Conversation is easy, often animated, and uninterrupted by cellphones, computers or televisions. The only “electronics” would be a flashlight to push back the darkness outside the ring.

Most adult campfire stories hold none of the spookiness children have shivered to for ages. Adult stories are history, with a little embellishment thrown in to make it more interesting. History, no matter the timespan, is best told by those who lived it, or what’s passed along generation to generation or camper to camper.

Gather people in the same campground — campfire or not — who are invigorated by fresh air and an unhurried pace, and the stories begin.

As my brother-in-law, Richard, says, “You get complete strangers, with almost nothing in common, together in the campground and suddenly you are best buddies!”

He’s right on target.

“Did you know there’s an 82-year-old woman who camps here all summer? Pulls the trailer herself and her grandson sets it up for her.”

“I thought you could only camp here two weeks?”

“Well, don’t cha know, after two weeks, she goes to town for a day and comes back!”

Did you hear about the woman who hiked every day and to the 6,593-foot summit of Mount LeConte in the Great Smoky Mountains National Park 718 times, the last time in her 80s? Many people hiked with her over the years and remember her as a gentle leader.

In our much younger years, we hiked almost all the trails in the Smokies, with three children leading the way. We never hiked as far or high as Mount LeConte, but made it partway.

Those days are gone for us, but we have the sweet memories of long, quiet hikes with our children in nature. Yes, blisters, too, but those were long since deemed part of the experience.

These days, we walk the campground roads while we look, listen and take it all in. Twice we set out for such a walk but we got no farther than two campsites spaced a good distance apart, where we stopped to talk with fellow campers as young as 2. Twice we talked long enough that it was time to head back to our site.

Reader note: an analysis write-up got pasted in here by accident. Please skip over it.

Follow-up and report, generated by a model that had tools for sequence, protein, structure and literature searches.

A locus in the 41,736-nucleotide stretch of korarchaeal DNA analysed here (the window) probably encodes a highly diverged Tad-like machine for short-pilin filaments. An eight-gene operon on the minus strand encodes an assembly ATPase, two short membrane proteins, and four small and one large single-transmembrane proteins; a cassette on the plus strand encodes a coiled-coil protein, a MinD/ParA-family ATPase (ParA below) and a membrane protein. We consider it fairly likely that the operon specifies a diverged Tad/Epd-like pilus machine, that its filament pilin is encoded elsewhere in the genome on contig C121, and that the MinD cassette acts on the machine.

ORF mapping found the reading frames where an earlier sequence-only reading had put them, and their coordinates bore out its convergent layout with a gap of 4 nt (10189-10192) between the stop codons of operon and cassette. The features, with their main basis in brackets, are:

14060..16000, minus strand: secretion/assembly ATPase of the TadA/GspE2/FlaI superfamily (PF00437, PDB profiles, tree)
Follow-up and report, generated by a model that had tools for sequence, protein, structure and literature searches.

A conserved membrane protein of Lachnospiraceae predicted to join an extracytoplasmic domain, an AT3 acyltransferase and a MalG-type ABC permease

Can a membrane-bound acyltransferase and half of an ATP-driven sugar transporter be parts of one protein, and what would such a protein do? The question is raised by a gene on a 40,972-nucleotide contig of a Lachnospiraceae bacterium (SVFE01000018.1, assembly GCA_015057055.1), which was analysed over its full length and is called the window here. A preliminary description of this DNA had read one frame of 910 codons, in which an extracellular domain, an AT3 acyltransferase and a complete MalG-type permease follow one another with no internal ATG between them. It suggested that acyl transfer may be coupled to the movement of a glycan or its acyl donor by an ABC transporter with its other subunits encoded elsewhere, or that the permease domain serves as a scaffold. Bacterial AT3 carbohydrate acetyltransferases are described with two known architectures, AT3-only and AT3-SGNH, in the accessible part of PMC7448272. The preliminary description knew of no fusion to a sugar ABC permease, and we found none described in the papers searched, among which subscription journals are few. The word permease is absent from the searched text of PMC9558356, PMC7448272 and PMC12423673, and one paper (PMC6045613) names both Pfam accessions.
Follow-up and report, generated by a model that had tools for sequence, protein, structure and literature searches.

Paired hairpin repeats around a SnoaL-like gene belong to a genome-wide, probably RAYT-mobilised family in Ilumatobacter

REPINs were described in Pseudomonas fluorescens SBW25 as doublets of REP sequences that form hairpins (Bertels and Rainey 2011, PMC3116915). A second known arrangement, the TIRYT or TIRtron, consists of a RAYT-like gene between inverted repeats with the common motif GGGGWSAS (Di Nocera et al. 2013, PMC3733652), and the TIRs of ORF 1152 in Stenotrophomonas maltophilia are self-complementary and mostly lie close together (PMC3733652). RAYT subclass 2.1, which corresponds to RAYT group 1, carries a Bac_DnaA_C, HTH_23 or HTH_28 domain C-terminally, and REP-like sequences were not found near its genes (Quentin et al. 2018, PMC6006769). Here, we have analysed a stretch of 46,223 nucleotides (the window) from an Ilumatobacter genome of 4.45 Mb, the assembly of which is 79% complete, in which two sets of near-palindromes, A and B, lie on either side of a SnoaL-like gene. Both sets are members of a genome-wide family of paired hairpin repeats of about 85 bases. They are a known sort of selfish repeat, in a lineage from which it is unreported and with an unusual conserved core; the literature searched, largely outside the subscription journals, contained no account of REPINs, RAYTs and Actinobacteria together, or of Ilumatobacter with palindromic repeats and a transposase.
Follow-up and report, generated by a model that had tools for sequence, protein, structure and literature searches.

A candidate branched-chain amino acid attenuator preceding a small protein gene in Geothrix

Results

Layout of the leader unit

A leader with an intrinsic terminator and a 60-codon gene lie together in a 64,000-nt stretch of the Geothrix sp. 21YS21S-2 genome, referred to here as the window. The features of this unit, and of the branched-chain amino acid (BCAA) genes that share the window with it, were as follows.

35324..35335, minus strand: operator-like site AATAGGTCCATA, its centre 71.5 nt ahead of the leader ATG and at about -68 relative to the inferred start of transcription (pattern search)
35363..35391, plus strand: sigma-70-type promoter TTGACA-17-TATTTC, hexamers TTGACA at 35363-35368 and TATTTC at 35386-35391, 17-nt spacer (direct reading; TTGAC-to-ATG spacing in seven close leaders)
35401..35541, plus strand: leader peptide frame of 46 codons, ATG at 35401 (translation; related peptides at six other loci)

“Your goldens (retrievers) are beautiful,” I said from a fair distance.

“They’re old, like me.”

I moved closer to visit. This man, Bill, reminded me of my late father-in-law, a great storyteller. Bill and his wife, Jean, were from Knoxville and their goldens were 12-year-old brothers. That I learned in less than two minutes.

All it takes is a wave and, “It’s a beautiful day,” or “Did you hear the storm last night?” or something similar. Then you wait and listen.

People camping in a national park are typically from all over the U.S. and beyond. In the Great Smoky Mountains, we have met people from Canada, the West Indies, Arkansas, Georgia, Florida, Louisiana, Alabama, Indiana, Illinois, Virginia, West Virginia, North and South Carolina, Michigan, Mississippi and, of course, Ohio.

Regional accents abound. Of course, being from Ohio, we have no accent, right? Wrong, or so I’ve been told.

“You from up North?” someone might ask. But it sounds more like “Noruth.”

Listening to a story told by a man from Mississippi was a real experience. Correction, stories. Once he got started, he couldn’t seem to stop. We had nowhere to go and nothing to do. The lilt in his words made us want to listen; made us “smaale (smile).”

My cochlear implants allow me to hear speech clearly, and accents from different places in the U.S. and from other countries are music to my ears. I take every opportunity to listen.

I wonder if Southerners go home and talk about the Northerners they met?

During our October trip, we also met an X-ray technician who has retired five times; a photographer from Florida waking early to capture the sunrise over the mountains; friends from Tennessee we’d met two years ago; and others whose stories still crop up in conversation.

But mostly we met people yearning to feel a connection to others and to nature, if only for a short time.

Thanksgiving is near. After the pumpkin pie, why not swap a story, or two? Campfire optional.

 

Help available for local seniors

Day by Day

Help available for local seniors
By Liz Thompson
ThisWeekNews

Wednesday April 16, 2014

Like it or not, we are aging, every day. When we find our first gray hair and start noticing how many stairs there are — everywhere — life starts changing.

Most of us, once settled in a home and community, want to stay there and keep our independence. To do that safely takes planning, but it can be done.